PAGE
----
Lekha Singh: No Passion, No Photograph

Fine art photographer Lekha Singh describes a photograph she took in Kenya: “We could feel the heat below us even before the plane landed on a small dirt airstrip. Brown scrub, dry grass, thorny acacia was all there was in the unbearable heat. Suddenly, these boys appeared, running out of the bush to greet us.”

I then see a photo of an old man taking a siesta on a bench in a park in San Miguel de Allende. I also see a photo of dust storms at Burning Man, in the Nevada desert, and a photo of several people dancing around brightly colored pianos placed on the streets of New York. Lekha’s eyes curl upwards when she talks about the photo of a woman with what appears to be an impossibly heavy clay pot on her head, “This woman in Tanzania was going down to the lake to fill this pot with water and bring it back for cooking and drinking. Women carry high amounts of weight on their heads around the world.” Surprisingly, all I see is intense beauty and I suddenly realize that I have borrowed her eyes, which seem tuned to only discover beauty.

Turkana Girl, photograph by Lekha Singh, printed on canvas
Turkana Girl, photograph by Lekha Singh, printed on canvas

Lekha’s work explores our capacity to recognize the familiar in the foreign and the strange. “For more than a decade I’ve traveled to distant and wild places; from the slums of Mumbai to the mountains of Kenya, from the Arctic ice to the dry desserts of Namibia,” she explains. “I have drunk tea with women in Afghanistan, shared rotis with the Bishnois in Rajasthan, was given a Masai name by the Masai tribe in Kenya, met shamans in the Kalahari Dessert, and sang songs with the Inuit close to the Arctic Circle.”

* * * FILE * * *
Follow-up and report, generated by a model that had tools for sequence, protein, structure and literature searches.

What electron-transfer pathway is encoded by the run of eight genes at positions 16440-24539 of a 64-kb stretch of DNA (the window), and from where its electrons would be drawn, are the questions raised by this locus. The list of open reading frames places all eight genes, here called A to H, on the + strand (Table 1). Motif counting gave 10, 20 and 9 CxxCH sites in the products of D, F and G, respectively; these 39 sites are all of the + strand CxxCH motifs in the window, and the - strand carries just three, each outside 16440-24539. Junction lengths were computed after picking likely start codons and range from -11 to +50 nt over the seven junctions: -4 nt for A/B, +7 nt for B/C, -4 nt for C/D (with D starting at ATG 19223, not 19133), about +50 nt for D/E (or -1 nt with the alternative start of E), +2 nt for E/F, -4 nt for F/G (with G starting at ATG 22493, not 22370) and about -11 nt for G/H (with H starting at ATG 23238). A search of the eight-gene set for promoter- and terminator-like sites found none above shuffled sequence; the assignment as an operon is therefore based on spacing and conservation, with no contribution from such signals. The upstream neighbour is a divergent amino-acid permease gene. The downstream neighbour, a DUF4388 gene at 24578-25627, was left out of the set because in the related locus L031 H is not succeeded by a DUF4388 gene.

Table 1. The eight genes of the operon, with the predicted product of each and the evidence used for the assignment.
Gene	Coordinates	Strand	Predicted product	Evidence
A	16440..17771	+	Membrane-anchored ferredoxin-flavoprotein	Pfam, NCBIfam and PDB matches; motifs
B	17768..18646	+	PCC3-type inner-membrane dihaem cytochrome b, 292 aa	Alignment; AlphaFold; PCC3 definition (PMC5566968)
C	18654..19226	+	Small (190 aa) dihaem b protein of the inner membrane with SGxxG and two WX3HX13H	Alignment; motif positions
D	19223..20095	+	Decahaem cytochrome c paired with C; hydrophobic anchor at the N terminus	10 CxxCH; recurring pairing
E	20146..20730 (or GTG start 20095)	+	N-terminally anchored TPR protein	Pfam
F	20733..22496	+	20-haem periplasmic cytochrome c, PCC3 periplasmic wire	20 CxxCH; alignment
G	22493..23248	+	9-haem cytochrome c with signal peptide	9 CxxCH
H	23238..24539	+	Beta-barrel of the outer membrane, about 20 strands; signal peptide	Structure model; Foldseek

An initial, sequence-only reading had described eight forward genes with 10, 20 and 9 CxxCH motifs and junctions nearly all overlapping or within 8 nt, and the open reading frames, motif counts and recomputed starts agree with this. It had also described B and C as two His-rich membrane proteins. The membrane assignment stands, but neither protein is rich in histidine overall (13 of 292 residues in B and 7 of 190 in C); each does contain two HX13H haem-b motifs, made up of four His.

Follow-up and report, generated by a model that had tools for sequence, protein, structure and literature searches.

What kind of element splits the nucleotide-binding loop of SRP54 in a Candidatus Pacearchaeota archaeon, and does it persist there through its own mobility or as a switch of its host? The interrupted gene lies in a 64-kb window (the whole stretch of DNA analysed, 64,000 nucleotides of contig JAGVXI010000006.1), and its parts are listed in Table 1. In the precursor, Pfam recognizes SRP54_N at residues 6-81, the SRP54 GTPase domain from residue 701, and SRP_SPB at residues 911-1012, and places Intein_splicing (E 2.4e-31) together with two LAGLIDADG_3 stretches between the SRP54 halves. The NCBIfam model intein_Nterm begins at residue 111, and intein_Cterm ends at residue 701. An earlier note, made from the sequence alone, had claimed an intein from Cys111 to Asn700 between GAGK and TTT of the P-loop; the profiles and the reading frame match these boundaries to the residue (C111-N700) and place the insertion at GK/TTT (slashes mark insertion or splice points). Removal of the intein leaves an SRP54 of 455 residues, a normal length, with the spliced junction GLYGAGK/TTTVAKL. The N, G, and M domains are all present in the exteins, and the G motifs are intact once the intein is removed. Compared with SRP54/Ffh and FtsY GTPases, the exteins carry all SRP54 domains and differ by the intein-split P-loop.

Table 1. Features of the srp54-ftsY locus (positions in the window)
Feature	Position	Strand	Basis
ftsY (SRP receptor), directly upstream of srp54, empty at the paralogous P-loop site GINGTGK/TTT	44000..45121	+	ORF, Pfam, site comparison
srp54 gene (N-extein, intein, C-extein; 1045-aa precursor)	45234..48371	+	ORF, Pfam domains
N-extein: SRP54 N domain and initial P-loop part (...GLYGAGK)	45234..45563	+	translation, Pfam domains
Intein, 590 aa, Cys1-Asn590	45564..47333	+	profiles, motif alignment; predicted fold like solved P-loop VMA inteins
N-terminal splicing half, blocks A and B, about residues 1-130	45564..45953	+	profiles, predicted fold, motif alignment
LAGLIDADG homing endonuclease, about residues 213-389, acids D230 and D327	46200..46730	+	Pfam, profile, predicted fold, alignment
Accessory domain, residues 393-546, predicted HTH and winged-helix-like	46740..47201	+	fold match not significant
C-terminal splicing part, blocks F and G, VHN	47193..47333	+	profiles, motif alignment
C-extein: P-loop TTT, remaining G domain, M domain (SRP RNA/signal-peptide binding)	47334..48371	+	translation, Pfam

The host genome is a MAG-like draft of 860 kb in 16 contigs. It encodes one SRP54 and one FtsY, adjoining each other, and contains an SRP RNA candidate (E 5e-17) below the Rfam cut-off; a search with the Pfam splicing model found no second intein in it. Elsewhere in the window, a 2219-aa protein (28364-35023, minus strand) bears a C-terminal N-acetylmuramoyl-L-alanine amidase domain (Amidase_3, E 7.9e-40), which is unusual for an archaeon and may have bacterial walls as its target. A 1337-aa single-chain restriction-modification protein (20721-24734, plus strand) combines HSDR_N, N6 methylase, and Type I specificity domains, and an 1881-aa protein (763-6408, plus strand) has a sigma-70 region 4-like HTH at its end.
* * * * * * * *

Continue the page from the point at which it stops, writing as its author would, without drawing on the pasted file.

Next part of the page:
Lekha’s newest body of work, the Weeds series, is like nothing any other fine photographer has ever shown. She uses large brushed aluminum sheets to portray wild weeds throughout the world, illuminating the transcendent beauty in what is commonly overlooked. For this, she was inspired by the Japanese aesthetic Wabi-sabi, which reveres impermanence, authenticity, and imperfection. Pritzker Prize winner Tado Ando said it best: “Wabi-sabi is the kind of quiet, undeclared beauty that waits patiently to be discovered. It’s a fragmentary glimpse: the branch representing the entire tree, the moon 90 percent obscured behind a ribbon of cloud. It’s a richly mellow beauty that’s striking but not obvious.” Each one of Lekha Singh’s photographs is a letter to everyone she knows. For those she does not know, each photograph is an unfinished conversation.

Weeds 6 Limited Edition, 4'x6', in Dibond Aluminum by Lekha Singh
Weeds 6 Limited Edition, 4’x6′, in Dibond Aluminum by Lekha Singh


Lekha Singh’s photographs have been displayed in museums throughout the United States. Her work can be seen on Facebook and her website.

Top image: Weeds 4 Limited Edition, 4’x6′ in Dibond Aluminum by Lekha Singh

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